“If we’re honest, because it’s so pervasive in our society, we probably find ourselves sometimes … embodying anger, contempt and insults. Maybe not out loud, but probably in our hearts. And the issue is that you and I as followers of Jesus, we need to be the radical practitioners of Jesus’ blessing, hope and grace. We are the ones who know we are blessed. We are the ones who understand ourselves as salt and light. So we must be the ones who are willing to do the hard work — to when it comes down to it, in that moment of crisis and judgment, we will choose light and life versus darkness and insult and anger. Because if we’re not going to do it, then who is?”

So as we move forward, together, on issues still to be solved and issues yet to come, let us do our best to understand each other, see our shared humanity, and lead in love.


Image created by Karen Kurycki 

My Latest HRO Comments


The City of Jacksonville is (still) debating a more inclusive human rights ordinance that would provide the same legal protections to the LGBT community already provided to many other groups, including religious groups. Here are my comments from the City Council’s public hearing on Jan. 24, 2017. The text below is the same as the video above. My apologies in advance for the grainy video, but it’s the best I could do for now and I felt it was an important message to share.

Members of the City Council, friends and neighbors, good evening. I’m Kyle Sieg. I first want to thank you for this opportunity to speak tonight. Frankly, I don’t know what more any of us can really say on this issue that might actually change hearts and minds. So I’m going to spend a few moments talking about what I do know.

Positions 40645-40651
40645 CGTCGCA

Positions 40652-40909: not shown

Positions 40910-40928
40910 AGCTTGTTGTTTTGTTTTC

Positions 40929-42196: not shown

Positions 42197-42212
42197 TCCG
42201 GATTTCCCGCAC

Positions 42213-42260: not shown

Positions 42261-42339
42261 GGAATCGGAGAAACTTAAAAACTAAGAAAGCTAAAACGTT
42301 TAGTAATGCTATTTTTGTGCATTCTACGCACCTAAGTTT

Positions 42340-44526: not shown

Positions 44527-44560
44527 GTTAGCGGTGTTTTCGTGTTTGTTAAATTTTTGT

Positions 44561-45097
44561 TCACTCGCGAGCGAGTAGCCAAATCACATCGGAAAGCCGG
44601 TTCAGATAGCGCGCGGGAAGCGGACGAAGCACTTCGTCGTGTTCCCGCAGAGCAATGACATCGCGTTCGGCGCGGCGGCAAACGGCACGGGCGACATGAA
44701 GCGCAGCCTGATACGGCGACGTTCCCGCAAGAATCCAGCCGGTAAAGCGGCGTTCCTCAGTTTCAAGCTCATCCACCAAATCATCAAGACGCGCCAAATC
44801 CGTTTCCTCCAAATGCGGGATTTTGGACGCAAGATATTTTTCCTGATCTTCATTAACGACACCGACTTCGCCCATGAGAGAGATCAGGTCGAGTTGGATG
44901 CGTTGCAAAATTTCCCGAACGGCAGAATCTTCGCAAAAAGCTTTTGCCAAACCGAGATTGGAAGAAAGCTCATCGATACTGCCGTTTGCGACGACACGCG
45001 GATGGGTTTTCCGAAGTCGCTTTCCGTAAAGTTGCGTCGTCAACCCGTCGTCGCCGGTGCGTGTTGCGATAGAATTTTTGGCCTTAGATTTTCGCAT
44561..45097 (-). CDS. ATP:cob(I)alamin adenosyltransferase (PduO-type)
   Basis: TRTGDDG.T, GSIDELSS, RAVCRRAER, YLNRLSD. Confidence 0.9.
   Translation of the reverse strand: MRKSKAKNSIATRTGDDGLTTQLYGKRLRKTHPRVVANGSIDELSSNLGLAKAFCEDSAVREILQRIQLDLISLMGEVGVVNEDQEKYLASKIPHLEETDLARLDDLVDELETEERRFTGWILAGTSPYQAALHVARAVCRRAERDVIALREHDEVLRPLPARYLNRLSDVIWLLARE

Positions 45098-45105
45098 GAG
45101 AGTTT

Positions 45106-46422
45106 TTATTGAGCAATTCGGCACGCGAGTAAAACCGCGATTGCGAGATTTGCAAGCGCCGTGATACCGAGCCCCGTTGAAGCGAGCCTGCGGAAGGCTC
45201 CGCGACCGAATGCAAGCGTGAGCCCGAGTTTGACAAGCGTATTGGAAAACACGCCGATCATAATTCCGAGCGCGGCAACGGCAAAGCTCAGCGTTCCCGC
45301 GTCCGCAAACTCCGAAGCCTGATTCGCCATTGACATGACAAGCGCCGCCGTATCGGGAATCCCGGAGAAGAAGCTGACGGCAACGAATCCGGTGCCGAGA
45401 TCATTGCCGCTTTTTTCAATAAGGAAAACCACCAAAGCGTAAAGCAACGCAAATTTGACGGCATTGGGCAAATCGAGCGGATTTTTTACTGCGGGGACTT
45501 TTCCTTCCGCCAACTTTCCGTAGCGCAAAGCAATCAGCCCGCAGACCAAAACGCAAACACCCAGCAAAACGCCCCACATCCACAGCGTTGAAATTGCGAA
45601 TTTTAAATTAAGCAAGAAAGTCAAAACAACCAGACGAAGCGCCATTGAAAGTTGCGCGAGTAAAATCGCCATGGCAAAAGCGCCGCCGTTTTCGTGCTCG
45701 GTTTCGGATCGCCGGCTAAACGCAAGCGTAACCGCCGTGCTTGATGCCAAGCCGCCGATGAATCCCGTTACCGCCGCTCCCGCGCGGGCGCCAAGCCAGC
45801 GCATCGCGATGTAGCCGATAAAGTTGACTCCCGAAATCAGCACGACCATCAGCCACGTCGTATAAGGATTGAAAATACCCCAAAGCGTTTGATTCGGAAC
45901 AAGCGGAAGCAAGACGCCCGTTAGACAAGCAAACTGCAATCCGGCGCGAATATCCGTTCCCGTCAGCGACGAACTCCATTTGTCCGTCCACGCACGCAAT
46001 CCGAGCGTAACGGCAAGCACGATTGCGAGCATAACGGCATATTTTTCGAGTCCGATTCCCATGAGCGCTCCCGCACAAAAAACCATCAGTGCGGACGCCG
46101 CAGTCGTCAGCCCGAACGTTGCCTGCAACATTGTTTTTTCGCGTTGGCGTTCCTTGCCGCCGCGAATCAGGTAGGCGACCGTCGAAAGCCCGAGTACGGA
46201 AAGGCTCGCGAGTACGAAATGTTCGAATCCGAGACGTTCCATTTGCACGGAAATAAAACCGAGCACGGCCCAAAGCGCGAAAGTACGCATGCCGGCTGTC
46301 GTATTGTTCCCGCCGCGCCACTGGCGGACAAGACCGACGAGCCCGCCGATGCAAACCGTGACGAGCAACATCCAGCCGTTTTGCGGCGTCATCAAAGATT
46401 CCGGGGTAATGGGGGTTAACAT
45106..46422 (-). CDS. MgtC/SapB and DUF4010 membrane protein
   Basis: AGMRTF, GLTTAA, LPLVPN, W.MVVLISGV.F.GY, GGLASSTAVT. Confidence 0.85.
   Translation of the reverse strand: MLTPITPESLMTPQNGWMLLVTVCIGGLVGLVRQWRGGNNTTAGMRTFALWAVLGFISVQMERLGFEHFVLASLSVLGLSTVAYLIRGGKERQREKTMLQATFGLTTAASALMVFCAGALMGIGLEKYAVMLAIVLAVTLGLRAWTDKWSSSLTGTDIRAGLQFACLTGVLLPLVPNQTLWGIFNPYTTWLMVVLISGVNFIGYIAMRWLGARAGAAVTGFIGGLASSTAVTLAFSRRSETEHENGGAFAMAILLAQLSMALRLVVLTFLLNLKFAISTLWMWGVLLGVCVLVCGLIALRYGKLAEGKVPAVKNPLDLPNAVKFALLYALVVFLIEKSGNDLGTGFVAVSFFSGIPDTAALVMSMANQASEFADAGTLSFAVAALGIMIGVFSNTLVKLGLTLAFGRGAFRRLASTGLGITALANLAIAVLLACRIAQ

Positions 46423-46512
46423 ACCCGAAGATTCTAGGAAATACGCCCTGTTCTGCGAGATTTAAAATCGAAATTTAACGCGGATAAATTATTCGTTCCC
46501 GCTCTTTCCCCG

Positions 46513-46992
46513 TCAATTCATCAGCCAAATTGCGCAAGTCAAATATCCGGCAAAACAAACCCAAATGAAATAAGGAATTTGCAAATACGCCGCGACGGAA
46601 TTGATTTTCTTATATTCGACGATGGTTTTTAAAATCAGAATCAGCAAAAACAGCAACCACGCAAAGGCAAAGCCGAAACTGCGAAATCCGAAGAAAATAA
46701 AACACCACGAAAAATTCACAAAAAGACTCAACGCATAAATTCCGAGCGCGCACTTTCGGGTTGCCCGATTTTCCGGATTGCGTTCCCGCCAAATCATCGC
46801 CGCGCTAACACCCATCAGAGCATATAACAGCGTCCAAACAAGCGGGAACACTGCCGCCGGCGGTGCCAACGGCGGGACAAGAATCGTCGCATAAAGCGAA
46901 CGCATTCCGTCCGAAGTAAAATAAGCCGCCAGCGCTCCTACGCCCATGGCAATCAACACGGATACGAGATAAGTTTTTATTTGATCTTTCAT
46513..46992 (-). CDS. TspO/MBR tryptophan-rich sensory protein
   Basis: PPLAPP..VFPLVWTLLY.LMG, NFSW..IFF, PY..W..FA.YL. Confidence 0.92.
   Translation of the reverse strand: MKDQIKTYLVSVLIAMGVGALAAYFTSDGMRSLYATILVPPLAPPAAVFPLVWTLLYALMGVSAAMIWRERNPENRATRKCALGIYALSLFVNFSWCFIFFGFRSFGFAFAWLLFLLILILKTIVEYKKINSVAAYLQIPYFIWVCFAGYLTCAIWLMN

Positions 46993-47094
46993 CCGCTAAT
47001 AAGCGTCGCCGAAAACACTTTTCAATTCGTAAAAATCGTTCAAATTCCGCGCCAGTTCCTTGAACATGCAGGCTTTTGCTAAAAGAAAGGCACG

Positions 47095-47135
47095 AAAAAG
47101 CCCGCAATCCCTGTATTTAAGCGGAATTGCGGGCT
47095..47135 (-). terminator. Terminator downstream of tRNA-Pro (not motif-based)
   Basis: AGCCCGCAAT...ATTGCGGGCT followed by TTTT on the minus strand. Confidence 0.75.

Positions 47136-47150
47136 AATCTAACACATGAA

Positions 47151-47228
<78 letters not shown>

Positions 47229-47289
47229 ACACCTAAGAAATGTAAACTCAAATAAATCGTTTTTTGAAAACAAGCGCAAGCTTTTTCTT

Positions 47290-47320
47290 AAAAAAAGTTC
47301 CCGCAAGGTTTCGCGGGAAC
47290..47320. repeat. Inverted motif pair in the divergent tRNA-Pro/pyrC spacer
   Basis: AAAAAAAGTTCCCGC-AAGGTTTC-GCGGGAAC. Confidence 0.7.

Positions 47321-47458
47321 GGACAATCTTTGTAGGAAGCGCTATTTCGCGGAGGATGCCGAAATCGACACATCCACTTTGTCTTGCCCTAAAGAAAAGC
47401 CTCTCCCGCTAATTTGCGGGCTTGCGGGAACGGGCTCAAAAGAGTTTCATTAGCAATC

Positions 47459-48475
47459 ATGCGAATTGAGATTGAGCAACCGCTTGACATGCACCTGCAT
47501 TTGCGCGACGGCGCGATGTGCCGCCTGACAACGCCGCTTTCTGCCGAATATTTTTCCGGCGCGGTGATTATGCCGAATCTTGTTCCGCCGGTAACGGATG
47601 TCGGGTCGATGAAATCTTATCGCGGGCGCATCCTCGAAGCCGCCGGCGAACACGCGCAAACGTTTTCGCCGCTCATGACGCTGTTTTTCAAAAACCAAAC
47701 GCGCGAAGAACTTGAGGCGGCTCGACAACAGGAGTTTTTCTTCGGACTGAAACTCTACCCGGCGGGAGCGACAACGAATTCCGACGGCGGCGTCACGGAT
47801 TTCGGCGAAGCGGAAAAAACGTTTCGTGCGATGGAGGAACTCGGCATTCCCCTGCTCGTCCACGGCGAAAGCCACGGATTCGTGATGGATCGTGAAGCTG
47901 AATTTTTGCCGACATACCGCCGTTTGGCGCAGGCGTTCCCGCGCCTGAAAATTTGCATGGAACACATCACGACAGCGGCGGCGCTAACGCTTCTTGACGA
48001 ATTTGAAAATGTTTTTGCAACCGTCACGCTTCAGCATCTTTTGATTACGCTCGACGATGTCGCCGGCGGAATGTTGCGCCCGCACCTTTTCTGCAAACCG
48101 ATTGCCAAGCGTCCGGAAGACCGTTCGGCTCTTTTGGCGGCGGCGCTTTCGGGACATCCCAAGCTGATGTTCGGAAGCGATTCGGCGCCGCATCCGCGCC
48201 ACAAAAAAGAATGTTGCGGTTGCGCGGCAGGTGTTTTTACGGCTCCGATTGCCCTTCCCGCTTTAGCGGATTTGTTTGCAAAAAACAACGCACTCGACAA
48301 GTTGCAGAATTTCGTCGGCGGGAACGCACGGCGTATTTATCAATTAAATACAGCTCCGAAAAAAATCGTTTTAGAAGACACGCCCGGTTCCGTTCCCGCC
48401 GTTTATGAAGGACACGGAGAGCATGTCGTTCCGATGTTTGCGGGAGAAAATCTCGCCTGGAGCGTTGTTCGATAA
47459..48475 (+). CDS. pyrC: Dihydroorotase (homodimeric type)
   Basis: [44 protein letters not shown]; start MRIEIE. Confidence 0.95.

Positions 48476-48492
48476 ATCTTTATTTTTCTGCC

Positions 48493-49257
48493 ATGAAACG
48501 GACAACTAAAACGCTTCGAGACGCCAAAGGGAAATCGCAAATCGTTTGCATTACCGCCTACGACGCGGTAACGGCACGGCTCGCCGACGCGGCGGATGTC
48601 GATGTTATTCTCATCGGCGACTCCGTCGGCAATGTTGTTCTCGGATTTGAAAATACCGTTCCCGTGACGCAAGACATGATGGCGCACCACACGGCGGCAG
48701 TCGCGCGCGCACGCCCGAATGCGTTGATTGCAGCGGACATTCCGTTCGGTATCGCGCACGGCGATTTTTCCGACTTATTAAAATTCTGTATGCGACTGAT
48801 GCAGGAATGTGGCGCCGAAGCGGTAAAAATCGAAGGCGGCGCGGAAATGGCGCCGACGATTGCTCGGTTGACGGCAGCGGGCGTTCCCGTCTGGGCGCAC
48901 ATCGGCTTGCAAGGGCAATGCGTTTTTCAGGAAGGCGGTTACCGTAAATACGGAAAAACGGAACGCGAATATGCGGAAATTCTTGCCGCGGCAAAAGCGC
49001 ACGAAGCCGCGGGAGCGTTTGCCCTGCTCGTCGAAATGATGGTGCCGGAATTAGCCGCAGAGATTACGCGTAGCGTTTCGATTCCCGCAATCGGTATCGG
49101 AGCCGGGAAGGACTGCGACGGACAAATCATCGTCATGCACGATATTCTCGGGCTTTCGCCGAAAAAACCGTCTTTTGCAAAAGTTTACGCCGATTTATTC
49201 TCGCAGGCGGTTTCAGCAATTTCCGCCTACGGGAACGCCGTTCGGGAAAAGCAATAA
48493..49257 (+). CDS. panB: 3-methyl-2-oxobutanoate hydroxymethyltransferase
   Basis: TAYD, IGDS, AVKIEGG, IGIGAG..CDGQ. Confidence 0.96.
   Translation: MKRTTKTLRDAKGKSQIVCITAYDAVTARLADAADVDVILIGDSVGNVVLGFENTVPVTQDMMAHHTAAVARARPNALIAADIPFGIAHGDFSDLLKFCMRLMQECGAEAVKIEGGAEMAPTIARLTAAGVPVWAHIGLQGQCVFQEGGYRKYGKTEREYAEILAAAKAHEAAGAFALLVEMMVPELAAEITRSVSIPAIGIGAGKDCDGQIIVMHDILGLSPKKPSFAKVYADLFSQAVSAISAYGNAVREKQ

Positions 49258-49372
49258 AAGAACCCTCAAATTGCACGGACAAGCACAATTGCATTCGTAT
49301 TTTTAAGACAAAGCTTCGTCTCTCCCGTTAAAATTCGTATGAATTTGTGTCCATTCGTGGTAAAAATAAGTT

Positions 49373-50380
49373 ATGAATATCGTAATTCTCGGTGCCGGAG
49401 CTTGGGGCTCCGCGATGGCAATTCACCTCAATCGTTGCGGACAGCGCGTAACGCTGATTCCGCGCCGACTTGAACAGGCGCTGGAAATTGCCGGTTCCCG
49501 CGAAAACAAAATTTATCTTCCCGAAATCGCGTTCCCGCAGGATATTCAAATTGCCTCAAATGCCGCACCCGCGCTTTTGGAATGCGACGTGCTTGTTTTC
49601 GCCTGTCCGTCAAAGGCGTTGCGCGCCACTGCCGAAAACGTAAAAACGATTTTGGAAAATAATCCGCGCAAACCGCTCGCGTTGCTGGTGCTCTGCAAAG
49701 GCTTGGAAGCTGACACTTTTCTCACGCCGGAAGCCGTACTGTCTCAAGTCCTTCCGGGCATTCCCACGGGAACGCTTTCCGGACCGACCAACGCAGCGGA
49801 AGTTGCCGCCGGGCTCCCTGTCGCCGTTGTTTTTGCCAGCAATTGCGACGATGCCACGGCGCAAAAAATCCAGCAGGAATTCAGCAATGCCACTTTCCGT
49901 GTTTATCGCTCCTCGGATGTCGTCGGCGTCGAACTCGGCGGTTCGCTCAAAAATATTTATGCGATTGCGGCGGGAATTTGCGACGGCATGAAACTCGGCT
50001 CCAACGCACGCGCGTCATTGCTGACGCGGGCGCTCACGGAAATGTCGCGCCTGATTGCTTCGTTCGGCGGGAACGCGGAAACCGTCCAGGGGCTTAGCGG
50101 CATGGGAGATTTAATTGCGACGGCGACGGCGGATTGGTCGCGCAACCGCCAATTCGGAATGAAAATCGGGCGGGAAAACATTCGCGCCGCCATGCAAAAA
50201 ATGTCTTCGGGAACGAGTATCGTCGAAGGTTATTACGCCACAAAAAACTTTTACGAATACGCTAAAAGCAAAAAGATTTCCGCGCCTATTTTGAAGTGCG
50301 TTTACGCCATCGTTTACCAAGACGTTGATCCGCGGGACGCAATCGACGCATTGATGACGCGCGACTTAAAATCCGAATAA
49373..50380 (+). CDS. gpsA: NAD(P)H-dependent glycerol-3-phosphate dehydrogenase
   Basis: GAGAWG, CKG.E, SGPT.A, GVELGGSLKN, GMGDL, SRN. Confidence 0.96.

As Maya Angelou said, “we are more alike, my friends, than we are unalike.” It may be difficult to see that right now, but it’s true.

Here’s something else I know: Everyone in this room, yes everyone in this room, is a beloved child of God, created in God’s image. It doesn’t matter who or how you are, or what you believe.

And everyone in this room deserves love and equality. In fact, Christians are called to love one another, as difficult as that is and as messy and imperfect as we all are.

Here’s what else I know: Jesus lived in the margins and championed social justice. Christians are called to follow in his footsteps and reach out — in love — to the marginalized.

Let’s assume we’re all just trying to do the right thing. How do we figure out what that is?

In the Bible, Jesus says a good tree cannot bear bad fruit and a bad tree cannot bear good fruit. And so our beliefs should be shaped by their outcomes.

Only bad fruit can come from continuing to allow discrimination in our city, especially when multiple groups — including religious groups — already have these same protections.

But if we did pass these protections, maybe LGBT people would be safer in their own community. Maybe more businesses would move to Jacksonville. And — something that should be important to Christians — maybe more people would receive a Christ-like message of love and inclusion. That sounds like good fruit to me.